Endoplasmic reticulum stress-induced apoptosis and auto-immunity in diabetes.
ABSTRACT Increasing evidence suggests that stress signaling pathways emanating from the endoplasmic reticulum (ER) are important to the pathogenesis of both type 1 and type 2 diabetes. Recent observations indicate that ER stress signaling participates in maintaining the ER homeostasis of pancreatic beta-cells. Either a high level of ER stress or defective ER stress signaling in beta-cells may cause an imbalance in ER homeostasis and lead to beta-cell apoptosis and autoimmune response. In addition, it has been suggested that ER stress attributes to insulin resistance in patients with type 2 diabetes. It is necessary to study the relationship between ER stress and diabetes in order to develop new therapeutic approaches to diabetes based on drugs that block the ER stress-mediated cell-death pathway and insulin resistance.
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ABSTRACT: The endoplasmic reticulum (ER) is an organelle in which newly synthesized secretory and transmembrane proteins are assembled and folded into their correct tertiary structures. However, many of these ER proteins are misfolded as a result of various stimuli and gene mutations. The accumulation of misfolded proteins disrupts the function of the ER and induces ER stress. Eukaryotic cells possess a highly conserved signaling pathway, termed the unfolded protein response (UPR), to adapt and respond to ER stress conditions, thereby promoting cell survival. However, in the case of prolonged ER stress or UPR malfunction, apoptosis signaling is activated. Dysfunction of the UPR causes numerous conformational diseases, including neurodegenerative disease, metabolic disease, inflammatory disease, diabetes mellitus, cancer, and cardiovascular disease. Thus, ER stress-induced signaling pathways may serve as potent therapeutic targets of ER stress-related diseases. In this review, we will discuss the molecular mechanisms of the UPR and ER stress-induced apoptosis, as well as the possible roles of ER stress in several diseases.Genes. 01/2013; 4(3):306-33.
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ABSTRACT: Endoplasmic reticulum stress (ERS) plays an important role in diabetes mellitus (DM), but the association between DM and ERS is unknown. We have previously shown that streptozotocin (STZ)-induced diabetes in rats is characterized by increased levels of ERS markers. Here, we tested whether the chemical chaperone 4-phenylbutyric acid (4-PBA) ameliorated ERS-associated apoptosis in pancreatic β-cells in rats with STZ-induced diabetes. Male Sprague-Dawley rats were divided into 3 groups: control group, DM group, and DM model plus 4-PBA treatment group (4-PBA group). DM model rats were induced by injection of STZ (60 mg/kg) intraperitoneally, and 4-PBA was administered daily by gavage at a dose of 500 mg/kg body weight for 20 days. β-cell apoptosis was higher in the DM group than in the control group. Moreover, the expression of caspase-3, Bax, and the ERS indicators Bip and CHOP was markedly elevated in the pancreas of rats in the DM group, whereas the expression of Bcl-2 was lower in these rats (P < 0.05). Blood glucose concentration in diabetic rats gradually decreased with 4-PBA treatment but remained higher at the end of the experiment compared to the concentration in control rats. Consistent with this, 4-PBA raised the fasting insulin level in diabetic rats; it also suppressed the expression of caspase-3, Bax, and ERS indicators but enhanced the expression of Bcl-2. In conclusion, 4-PBA protects pancreatic β-cells from apoptosis in STZ-induced diabetes by attenuating the severity of ERS.Endocrine 12/2013; · 3.53 Impact Factor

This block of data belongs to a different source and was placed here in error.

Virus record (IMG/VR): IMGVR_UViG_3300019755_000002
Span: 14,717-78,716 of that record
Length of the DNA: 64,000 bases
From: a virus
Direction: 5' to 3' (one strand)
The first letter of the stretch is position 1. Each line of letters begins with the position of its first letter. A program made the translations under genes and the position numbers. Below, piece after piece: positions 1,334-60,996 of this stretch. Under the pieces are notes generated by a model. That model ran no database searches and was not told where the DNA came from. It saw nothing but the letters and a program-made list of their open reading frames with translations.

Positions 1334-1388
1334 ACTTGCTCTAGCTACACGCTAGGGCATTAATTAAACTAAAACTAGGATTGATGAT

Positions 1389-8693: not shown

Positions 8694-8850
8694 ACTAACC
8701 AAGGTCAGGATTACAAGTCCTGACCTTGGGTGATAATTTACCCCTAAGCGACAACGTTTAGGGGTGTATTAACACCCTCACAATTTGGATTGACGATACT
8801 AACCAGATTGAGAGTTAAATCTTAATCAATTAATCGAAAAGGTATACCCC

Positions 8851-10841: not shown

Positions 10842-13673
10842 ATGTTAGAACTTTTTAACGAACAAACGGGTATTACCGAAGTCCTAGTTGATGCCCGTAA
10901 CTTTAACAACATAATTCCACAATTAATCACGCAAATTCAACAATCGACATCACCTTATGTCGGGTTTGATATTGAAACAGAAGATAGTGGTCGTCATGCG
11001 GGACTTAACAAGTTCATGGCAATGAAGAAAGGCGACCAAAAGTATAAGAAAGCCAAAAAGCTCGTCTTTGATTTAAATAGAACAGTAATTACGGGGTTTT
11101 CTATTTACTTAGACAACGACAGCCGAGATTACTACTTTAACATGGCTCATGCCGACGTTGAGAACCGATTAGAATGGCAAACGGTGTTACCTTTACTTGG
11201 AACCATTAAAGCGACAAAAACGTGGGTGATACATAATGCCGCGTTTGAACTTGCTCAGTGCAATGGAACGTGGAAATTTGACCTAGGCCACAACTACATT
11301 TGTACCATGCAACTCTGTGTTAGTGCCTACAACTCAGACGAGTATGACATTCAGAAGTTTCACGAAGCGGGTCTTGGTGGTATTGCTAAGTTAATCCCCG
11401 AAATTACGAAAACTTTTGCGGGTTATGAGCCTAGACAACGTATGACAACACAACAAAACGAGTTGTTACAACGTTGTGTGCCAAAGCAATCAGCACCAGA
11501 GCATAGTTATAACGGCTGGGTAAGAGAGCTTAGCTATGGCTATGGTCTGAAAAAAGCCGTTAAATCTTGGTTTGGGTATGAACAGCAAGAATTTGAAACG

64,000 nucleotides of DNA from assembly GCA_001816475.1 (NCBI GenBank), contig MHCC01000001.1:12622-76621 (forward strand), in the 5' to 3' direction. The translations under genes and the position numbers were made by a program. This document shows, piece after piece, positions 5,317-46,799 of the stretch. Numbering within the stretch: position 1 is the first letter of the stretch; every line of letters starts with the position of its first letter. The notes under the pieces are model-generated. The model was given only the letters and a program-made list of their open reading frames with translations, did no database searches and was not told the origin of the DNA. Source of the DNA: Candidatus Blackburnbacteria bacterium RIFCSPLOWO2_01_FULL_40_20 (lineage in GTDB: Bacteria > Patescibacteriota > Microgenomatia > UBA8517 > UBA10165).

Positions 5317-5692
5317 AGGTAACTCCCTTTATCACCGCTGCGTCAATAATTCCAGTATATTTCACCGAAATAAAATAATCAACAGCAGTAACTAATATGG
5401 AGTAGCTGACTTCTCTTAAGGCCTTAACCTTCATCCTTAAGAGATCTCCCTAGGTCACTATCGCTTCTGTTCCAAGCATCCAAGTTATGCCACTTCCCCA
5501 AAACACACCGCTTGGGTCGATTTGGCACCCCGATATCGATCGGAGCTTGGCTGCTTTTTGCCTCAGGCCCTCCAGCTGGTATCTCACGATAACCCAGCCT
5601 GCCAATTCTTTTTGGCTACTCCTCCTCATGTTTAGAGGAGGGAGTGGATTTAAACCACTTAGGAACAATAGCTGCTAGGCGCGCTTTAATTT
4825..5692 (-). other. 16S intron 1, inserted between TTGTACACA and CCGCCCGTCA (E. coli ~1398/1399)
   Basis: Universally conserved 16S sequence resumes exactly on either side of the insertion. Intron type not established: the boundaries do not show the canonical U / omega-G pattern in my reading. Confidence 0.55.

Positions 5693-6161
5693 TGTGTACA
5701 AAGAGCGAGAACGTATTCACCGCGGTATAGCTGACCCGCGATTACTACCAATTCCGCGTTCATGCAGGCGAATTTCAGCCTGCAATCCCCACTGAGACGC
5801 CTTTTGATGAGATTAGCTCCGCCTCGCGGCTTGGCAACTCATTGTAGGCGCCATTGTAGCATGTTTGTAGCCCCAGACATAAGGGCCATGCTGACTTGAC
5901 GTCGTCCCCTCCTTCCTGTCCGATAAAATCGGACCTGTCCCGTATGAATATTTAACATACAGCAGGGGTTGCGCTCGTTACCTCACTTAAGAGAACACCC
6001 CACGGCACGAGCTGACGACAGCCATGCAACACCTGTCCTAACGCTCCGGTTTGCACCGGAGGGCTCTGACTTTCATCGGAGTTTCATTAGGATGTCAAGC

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ABSTRACT: Inositol requiring enzyme-1 (IRE1) is highly conserved from yeasts to humans. Upon endoplasmic reticulum (ER) stress, IRE1 activates X-box-binding protein 1 (XBP1) by unconventional splicing of XBP1 mRNA, which activates unfolded protein response (UPR) to restore ER homeostasis. In mice, IRE1α plays an essential role in extraembryonic tissues. However, its precise action during the early stage of development is unknown. In this study, the gain and loss-of-function analyses were used to investigate the function of Xenopus IRE1α (xIRE1α). The effects of xIRE1α during embryo development were detected with RT-PCR and whole mount in situ hybridization. ER stress was induced by tunicamycin. The apoptotic cells were measured by TUNNEL assays. Although both gain and loss of xIRE1α function had no significant effect on Xenopus embryogenesis, knockdown of xIRE1α could rescue tunicamycin-induced developmental defects and apoptosis. The finding indicates that xIRE1α is not required for embryogenesis but is required for tunicamycin-induced developmental defects and apoptosis in Xenopus laevis.Journal of biomedical research. 07/2014; 28(4):275-81.